Seasoning New Stones

What is every ones method to this madness on new stones. How are you seasoning your NEW stones ??

While you don’t have to pre-season most stones these days, you can speed up the natural process by:

[]Wipe the new pan with a wet cloth (no soap)
]Dry in oven (low heat)
[]Apply a very light coat of neutral vegetable oil with an old towel (I find paper tends to snag on new stones)
]Bake on med-high (400) as you would a cast iron pan (but not upside down).
Once the stone is seasoned, you’ll find things don’t stick as badly (or at all). After normal use, just wipe the stone with a wet cloth (if soiled) and use a gentle utensil for scraping off anything that might stick (it should pop right off).

This question is for commercial bakers pride stone ovens, not residential oven stones

The procedure is the same

With new oven stones a lot of operators season them by applying a thin layer of corn meal over the entire deck surface and setting the temperature at 450F and allowing it to bake until the cornmeal begins to brown and then sweeping the cornmeal out of the oven for the first bake. I might also add that it is also my recommendation that new stones be brought up to temperature gradually, first to 350F for one hour, then 400F for one hour, then proceed like this all the way up to your baking temperature. Once you have done this you’re “good to go”.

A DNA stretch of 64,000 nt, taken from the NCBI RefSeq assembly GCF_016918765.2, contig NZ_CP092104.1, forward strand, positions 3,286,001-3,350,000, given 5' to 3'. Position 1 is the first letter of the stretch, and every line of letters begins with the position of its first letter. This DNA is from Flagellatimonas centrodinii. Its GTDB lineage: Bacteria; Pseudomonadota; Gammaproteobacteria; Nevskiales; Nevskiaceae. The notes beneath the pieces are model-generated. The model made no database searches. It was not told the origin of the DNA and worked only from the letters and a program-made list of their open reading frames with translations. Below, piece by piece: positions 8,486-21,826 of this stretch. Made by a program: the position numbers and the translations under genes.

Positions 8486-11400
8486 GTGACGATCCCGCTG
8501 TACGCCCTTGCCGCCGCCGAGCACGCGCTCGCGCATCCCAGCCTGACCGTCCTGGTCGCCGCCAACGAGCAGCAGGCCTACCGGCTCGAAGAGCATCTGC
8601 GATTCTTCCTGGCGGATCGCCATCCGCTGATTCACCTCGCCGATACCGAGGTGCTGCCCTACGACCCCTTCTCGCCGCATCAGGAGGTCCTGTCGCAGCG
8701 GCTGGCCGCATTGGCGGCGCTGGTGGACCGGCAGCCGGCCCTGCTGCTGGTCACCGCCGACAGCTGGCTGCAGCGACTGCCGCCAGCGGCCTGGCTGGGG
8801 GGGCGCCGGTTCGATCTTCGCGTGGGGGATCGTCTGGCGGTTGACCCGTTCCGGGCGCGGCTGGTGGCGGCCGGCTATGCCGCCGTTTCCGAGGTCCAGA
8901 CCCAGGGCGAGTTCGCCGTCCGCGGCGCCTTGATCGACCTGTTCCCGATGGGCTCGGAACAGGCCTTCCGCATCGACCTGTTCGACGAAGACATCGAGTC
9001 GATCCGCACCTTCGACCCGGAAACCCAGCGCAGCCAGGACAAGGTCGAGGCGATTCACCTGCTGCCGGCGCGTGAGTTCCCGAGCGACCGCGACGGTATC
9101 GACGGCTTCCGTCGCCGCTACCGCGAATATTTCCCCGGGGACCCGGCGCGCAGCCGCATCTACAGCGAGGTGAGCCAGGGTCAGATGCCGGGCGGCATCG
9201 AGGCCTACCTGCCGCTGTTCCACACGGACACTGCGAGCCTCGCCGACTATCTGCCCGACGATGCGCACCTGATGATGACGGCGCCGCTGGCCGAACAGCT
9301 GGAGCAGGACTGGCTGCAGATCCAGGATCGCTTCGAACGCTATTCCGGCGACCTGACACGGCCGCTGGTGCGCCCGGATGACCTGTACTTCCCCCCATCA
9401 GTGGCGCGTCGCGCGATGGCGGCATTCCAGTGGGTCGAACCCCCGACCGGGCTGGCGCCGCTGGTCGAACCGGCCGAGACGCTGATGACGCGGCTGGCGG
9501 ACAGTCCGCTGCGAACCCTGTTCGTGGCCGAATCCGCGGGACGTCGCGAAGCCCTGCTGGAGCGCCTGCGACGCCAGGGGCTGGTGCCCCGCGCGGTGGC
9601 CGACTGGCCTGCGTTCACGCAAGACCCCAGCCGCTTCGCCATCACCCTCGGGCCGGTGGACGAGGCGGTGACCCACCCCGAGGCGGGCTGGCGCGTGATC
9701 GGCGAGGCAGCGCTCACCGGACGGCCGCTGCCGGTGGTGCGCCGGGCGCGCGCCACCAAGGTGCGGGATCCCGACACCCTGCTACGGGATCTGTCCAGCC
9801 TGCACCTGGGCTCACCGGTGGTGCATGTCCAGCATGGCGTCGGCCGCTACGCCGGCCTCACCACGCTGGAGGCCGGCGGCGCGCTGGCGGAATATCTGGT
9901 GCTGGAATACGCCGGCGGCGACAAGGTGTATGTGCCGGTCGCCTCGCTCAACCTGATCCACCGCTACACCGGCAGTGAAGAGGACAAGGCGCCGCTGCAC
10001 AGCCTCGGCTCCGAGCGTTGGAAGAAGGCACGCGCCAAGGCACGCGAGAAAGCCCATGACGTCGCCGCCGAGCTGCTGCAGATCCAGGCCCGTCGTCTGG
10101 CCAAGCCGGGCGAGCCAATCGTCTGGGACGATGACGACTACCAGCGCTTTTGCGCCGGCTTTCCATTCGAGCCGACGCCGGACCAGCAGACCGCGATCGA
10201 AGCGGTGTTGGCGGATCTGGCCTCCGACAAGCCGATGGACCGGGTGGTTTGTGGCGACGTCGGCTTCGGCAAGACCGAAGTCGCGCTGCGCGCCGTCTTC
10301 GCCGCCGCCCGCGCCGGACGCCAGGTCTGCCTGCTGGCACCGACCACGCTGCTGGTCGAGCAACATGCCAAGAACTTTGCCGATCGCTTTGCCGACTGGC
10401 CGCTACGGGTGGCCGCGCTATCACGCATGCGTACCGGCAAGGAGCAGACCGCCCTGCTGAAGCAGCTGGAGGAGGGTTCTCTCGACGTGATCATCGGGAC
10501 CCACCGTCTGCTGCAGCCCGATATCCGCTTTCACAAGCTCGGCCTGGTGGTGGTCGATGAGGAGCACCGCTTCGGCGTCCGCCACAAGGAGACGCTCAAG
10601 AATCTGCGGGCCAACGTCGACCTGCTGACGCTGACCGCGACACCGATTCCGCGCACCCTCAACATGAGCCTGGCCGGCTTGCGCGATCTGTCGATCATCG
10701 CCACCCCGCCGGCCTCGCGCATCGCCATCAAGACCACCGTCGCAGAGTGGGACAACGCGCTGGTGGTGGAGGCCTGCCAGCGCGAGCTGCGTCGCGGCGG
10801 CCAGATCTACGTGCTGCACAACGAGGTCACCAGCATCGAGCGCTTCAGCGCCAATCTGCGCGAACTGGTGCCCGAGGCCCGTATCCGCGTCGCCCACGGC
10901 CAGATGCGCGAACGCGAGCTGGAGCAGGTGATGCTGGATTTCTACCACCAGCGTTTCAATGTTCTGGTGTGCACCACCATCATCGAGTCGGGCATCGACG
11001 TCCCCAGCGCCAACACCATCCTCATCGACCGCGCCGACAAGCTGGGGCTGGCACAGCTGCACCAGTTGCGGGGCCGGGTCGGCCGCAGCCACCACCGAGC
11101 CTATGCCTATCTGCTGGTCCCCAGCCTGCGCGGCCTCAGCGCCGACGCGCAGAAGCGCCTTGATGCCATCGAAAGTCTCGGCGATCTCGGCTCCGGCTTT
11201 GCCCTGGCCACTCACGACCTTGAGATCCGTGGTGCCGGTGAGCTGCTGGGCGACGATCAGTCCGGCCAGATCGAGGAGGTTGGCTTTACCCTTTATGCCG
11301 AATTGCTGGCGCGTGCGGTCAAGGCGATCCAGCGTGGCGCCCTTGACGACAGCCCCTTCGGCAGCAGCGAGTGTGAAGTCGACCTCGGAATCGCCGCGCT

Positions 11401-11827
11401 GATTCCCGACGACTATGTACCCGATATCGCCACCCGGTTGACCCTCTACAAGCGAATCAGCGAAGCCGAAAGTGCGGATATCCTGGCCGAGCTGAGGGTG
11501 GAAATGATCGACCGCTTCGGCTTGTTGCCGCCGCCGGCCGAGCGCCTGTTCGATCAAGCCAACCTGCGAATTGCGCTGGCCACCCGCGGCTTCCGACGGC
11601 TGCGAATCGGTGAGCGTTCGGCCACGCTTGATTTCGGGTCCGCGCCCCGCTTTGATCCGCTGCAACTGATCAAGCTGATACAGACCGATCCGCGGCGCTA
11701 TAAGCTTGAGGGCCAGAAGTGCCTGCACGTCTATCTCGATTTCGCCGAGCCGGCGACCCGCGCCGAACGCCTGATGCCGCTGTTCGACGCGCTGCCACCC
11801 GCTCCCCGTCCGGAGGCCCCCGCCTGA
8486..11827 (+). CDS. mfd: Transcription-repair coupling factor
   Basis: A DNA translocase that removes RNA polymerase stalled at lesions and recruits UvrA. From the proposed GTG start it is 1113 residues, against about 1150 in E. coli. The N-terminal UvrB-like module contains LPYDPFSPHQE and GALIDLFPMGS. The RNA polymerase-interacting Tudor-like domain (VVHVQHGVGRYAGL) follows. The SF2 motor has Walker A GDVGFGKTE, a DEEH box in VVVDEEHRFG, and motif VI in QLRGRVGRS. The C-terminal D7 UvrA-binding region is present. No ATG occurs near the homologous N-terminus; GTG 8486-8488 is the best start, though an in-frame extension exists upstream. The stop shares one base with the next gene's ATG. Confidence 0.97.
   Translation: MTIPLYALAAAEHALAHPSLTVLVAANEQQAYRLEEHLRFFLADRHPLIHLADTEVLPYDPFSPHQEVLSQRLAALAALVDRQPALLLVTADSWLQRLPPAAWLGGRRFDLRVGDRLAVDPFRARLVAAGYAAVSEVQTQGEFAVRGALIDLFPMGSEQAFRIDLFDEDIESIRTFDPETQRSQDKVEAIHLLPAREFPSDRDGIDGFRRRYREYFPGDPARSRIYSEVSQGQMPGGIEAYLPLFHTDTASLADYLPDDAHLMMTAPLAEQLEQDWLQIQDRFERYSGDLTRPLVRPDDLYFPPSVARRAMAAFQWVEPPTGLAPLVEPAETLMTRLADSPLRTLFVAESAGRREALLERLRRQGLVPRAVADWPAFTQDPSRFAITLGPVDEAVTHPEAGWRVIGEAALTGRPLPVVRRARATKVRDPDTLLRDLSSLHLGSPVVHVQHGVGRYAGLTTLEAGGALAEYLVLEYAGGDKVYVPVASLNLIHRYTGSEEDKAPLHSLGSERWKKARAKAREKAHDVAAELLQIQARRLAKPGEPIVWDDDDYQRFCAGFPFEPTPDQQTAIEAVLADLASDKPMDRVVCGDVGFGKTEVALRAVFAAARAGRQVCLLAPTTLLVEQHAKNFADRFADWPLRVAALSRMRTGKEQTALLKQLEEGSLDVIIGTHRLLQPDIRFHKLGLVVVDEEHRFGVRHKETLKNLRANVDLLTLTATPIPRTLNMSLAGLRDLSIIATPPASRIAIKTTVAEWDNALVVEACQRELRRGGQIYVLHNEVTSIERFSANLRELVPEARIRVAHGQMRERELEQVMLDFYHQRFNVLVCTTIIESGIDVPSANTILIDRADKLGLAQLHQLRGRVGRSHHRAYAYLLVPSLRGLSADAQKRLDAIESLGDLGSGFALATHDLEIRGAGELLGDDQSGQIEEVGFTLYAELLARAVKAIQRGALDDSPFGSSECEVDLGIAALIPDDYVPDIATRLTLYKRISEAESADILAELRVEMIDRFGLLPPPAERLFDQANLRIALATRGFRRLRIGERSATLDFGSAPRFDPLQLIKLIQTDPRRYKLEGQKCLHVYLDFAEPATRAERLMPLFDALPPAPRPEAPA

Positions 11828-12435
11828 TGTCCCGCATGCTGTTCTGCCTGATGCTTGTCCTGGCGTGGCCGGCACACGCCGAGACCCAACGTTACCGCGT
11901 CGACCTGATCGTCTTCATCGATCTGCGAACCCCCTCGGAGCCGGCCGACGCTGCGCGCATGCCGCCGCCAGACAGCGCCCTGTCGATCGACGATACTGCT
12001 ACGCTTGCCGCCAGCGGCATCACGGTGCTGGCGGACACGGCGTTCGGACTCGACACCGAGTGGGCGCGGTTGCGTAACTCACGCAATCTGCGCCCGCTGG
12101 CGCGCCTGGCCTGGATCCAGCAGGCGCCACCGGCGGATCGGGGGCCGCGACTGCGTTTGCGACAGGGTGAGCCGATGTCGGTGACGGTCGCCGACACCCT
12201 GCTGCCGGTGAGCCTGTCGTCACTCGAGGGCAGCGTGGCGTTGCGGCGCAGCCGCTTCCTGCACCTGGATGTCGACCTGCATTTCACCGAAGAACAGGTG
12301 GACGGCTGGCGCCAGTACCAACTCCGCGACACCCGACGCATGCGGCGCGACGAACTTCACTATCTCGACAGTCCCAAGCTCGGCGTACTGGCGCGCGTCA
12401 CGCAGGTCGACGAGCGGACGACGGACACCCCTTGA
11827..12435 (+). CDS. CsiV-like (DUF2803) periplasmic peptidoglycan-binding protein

Tom Lehmann/The Dough Doctor

Tom: I have already did this procedure as we have been using them from day 1. Only we did 100 degrees every hr, till temped out. Thanks for. As far as using oil, mentioned by George, was told by manufacturer to not, they instructed procedure of flour, as this only helped in the aid of curing, drying out of brand new poured stones. We did cornmeal after that for a couple days.

I think George was under the belief that you were referring to baking platforms such as screens, disks, etc. rather than a stone oven deck. Putting oil on an oven deck will only result in the oil polymerizing and creating a varnish like build up on the deck surface. Like I said, you should be good to go.
Tom Lehmann/The Dough Doctor